Big Tobacco, the New Politics, and the Threat to Public Health
With several Tory leadership contenders sympathetic to its ideology, the Institute of Economic Affairs (IEA) is closer to power than it has been for decades. In an exclusive investigation, Jonathan Gornall reveals how the organisation is funded by British American Tobacco and has links with senior conservative ministers. After orchestrating a series of attacks on public health initiatives, the IEA may now hold the key to No 10.
What the IEA says matters. In an essay published on 31 March, titled “The next Tory leader must be a bullish libertarian,” the director general of IEA set out what amounted to a manifesto for the new party leader. This article wrote the next party leader must ensure that “the plethora of censorious and hectoring measures over what British adults choose to eat, drink and smoke must come to an end.”
The institute has a longstanding reputation for dismissing public health initiatives as “nanny state” interventions. Its recent research publications have challenged the childhood obesity strategy, dismissed “sin taxes” as regressive, and ridiculed the link between fast food outlets and obesity. In the past year alone it has issued more than a dozen statements criticising everything from alcohol controls to sugar taxes as “pointless,” “absurd,” and “draconian.”
IEA political links
32 Conservative MPs are linked financially, directly or indirectly, to IEA. Among the MPs most closely and publicly associated ideologically with the IEA is Dominic Raab, MP for Esher and Walton in Surrey since 2010.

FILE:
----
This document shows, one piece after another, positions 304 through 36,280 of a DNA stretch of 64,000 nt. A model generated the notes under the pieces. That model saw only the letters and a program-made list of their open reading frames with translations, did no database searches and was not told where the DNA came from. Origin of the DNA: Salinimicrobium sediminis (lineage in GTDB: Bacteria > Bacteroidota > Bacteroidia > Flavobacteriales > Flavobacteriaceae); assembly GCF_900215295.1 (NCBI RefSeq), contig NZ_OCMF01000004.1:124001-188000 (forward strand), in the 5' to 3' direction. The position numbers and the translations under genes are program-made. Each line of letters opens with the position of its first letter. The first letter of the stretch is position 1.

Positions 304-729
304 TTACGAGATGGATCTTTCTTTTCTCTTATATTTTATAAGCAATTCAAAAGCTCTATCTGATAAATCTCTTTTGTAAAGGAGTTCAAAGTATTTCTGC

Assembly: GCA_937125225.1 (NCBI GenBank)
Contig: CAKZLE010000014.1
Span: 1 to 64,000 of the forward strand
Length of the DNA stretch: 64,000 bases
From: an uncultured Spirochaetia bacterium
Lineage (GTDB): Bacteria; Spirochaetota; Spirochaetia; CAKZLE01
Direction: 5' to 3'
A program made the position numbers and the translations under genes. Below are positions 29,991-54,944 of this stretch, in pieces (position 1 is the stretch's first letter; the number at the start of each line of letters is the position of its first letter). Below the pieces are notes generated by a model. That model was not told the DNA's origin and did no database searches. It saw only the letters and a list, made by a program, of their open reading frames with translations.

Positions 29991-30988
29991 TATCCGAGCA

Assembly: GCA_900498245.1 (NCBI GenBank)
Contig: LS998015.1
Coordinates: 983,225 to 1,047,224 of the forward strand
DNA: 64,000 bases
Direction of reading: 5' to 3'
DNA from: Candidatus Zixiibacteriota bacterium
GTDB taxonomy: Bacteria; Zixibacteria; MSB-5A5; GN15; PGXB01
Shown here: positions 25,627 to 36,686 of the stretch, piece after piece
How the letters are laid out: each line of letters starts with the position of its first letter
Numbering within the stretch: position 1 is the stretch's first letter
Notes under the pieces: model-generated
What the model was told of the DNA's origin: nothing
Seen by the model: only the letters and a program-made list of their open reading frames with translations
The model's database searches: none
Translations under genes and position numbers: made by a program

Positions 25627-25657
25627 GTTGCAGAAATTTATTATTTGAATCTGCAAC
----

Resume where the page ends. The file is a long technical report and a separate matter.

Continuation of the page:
Through its political connections the IEA attacks public health initiatives and influences national policy for the benefit of alcohol, tobacco and other addiction industries in UK.
Several examples are:
- Lobbying for the ban on lobbying from charities and other organizations receiving grants from the government
- Aggressive targeting Minimum Unit Pricing (MUP) for alcohol
- Working with the alcohol industry to sway political opinion such as hosting debates on alcohol policies with the alcohol company Pernod Ricard UK and AB InBev in 2017 Conservative Party conference
- Launch of parallel company ‘Freer’ and through it publishing essays by Conservative MPs on topics such as “nanny state” and “cannabis”
No transparency in funding
The IEA makes much of the fact that it seeks and receives no government funding. It is, however, less forthcoming about where it obtains its money.
In a recent appearance on BBC Two’s Politics Live Littlewood repeatedly avoided answering direct questions from the presenter, Jo Coburn, about whether his organisation received money from the sugar, tobacco, alcohol, or casino industries.
As a charity and a private company limited by guarantee, the IEA publishes accounts with the Charity Commission and Companies House, but there is no legal requirement to identify individual donors, and the IEA does not. Despite the IEA’s penchant for secrecy over funding, details of its involvement with a range of industries whose products are bad for public health have trickled out over the years.
- In 2012 the National Casino Industry Forum gave £8000 to the IEA after the publication of a discussion paper written by Snowdon the head of Lifestyle Economics at IEA
- In 2013 the cigarette companies Philip Morris International, British American Tobacco, Japan Tobacco International, and Imperial all confirmed that they had financed the IEA for campaigning against plain packaging
- An IEA fundraising prospectus aimed at potential US based corporate donors lists more than 153 corporate supporters of the IEA in the UK including British American Tobacco, Rothmans UK Holdings, Tate and Lyle, Whitbread, and Coca-Cola Great Britain and Ireland.
Jonathan Gornall writes, few in public health will be happy at the prospect of the Conservatives adopting a leader wedded to the IEA’s anti-“nanny state,” free market ideology, but the signs are not good. Three days before the IEA article in the Telegraph, a round-up of contenders published by the New Statesman listed no fewer than seven serious candidates for the job who had demonstrated various degrees of involvement with IEA or empathy with its views. They included Davis, Raab, Truss, Hancock, and Lee.